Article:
Rawlemon is a company that designed and holds the patent for a solar charger that is able to track the movement of the sun and the moon to produce electricity using a better type of solar cells. I’ve written about their main household generator here. This company also produces portable chargers that feature the same technology for full environmental integration. The charger presented here, Beta.ey, combines three products – a revolutionary concentrator photovoltaic module, a full transparent ball lens acting as an atmospheric lamp during the night, and a breakthrough, micro dual-axis tracking unit assembled with Multi-Junction high efficiency solar cells – into one photovoltaic module. The device can charge all smartphones, tables and led based lighting devices you can think of. Output: 1,6 W, 5V. I must say that this small device looks really cool, just like his big brother. It can be acquired only from the manufacturer’s web page.
The Pedal Power Box Generator
This generator has two functions: it produces electricity and it keeps you in shape. The Power Box is a pedal generator that can be used with your legs or arms. It generates electricity as you pedal, like on a stationary bicycle. Charge the batteries of a full range of portable electronics. Or, charge external batteries to power laptops and all kinds of appliances — either directly from the batteries or through an inverter. The Power Box has a universal outlet. It allows you to plug in chargers from anywhere in the world to charge your portable electronics. It is a powerful and versatile generator that can produce up to 20 watts and is a great addition to emergency and survival kits. The best thing about this device is that it can charge more than two devices at the same time and it doesn’t rely on sunlight. For some, the downside of this generator might be its weight, since adding 4 pounds to your bug out bag can significantly increase its overall weight. Output: 20W, 120V. You can check it out as well on Amazon.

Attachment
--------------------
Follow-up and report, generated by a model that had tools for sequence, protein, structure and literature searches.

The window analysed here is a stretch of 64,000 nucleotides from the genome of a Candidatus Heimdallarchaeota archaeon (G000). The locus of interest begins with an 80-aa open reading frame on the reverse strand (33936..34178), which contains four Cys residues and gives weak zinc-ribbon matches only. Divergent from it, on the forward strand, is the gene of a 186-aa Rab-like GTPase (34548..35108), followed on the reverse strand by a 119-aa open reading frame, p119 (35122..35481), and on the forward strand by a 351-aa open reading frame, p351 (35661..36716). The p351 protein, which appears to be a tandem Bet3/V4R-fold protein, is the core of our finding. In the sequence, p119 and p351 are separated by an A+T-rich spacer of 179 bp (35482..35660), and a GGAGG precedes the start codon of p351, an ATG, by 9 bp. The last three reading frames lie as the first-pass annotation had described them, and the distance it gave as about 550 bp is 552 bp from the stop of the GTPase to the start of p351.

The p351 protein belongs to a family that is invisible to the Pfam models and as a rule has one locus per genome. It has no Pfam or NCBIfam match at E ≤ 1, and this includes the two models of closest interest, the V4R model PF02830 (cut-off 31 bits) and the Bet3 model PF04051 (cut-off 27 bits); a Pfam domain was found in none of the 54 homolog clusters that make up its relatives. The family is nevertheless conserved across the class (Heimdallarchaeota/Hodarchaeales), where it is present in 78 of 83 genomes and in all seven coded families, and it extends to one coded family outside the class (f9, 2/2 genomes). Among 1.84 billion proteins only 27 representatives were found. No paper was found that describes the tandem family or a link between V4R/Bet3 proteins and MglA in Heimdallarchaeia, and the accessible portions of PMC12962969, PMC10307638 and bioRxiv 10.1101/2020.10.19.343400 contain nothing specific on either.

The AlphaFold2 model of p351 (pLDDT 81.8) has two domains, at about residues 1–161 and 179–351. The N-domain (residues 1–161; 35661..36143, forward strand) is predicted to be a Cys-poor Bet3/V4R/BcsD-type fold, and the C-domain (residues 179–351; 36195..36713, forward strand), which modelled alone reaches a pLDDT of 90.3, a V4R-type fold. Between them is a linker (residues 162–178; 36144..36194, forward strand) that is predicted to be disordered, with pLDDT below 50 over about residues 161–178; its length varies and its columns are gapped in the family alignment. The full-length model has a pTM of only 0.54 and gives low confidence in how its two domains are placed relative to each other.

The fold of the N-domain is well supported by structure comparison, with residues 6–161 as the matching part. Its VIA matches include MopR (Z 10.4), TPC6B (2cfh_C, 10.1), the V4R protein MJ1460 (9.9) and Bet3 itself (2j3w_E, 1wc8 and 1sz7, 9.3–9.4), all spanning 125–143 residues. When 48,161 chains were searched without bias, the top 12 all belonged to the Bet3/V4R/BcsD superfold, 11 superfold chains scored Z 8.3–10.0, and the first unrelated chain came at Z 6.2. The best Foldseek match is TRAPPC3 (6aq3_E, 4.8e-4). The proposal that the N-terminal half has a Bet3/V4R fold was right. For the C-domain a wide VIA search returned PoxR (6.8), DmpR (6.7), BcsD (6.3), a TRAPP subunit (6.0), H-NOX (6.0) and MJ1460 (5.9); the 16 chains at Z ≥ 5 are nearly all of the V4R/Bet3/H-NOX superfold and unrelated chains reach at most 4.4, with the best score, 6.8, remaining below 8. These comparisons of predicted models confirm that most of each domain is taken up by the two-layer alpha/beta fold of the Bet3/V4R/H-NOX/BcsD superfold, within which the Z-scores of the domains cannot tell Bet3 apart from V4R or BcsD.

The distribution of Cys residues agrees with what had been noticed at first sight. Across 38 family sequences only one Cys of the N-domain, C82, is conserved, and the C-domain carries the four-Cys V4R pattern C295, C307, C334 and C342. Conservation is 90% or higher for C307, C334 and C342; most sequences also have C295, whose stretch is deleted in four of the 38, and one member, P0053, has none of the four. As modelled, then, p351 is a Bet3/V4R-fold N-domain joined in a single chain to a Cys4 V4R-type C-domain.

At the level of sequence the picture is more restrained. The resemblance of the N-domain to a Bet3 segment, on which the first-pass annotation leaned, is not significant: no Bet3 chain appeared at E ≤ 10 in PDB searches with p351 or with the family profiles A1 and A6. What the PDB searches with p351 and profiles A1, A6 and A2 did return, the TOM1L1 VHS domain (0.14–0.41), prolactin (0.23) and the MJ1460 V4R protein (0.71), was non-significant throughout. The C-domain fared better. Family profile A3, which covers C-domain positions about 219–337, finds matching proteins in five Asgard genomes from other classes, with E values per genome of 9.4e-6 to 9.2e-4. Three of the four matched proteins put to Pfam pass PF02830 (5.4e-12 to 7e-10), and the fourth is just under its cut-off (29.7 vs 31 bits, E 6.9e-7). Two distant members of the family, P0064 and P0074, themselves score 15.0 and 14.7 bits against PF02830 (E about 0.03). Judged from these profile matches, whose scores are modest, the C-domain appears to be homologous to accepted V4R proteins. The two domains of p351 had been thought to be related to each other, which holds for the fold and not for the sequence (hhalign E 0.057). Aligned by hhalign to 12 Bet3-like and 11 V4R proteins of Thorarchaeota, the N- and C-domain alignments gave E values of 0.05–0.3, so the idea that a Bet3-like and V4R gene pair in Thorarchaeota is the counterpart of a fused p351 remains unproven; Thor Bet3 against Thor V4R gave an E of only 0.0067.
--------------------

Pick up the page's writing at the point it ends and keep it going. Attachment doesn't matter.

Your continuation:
The Pocket Socket Manual Crank Generator
This is another one of those electricity generators that will leave you tired, with arms feeling numb. It is a hand powered generator that has the same style electrical socket found in every American home. With it, you can generate up to 10 watts of electricity for any rechargeable devices such as mobile phones, led lanterns, ham radios, walkie-talkies, radios, UV water purifiers and GPS. It features a large, sturdy crank arm with an easy-to-grip knob that can be used left or right-handed and cranked clockwise or counterclockwise. It is lightweight (15 oz) and portable, it doesn’t require sunlight to work and it can be a good addition for your bug out bag. The Pocket Socket generator is available on Amazon.
Besides these power generators there are also some based on fuel cells, but I’ve chosen not to list them here as most of them require additional costs (fuel cells require charging and/or changing). And there are some hydro portable generators prototypes that are currently under development, but unfortunately, for those we still have to wait.
In the end, we have to keep in mind that a good generator has to be durable, lightweight and it has to function under any circumstances and regardless the weather conditions. And last but not least, it doesn’t have to cost a ton of money.
Stay safe and God Bless!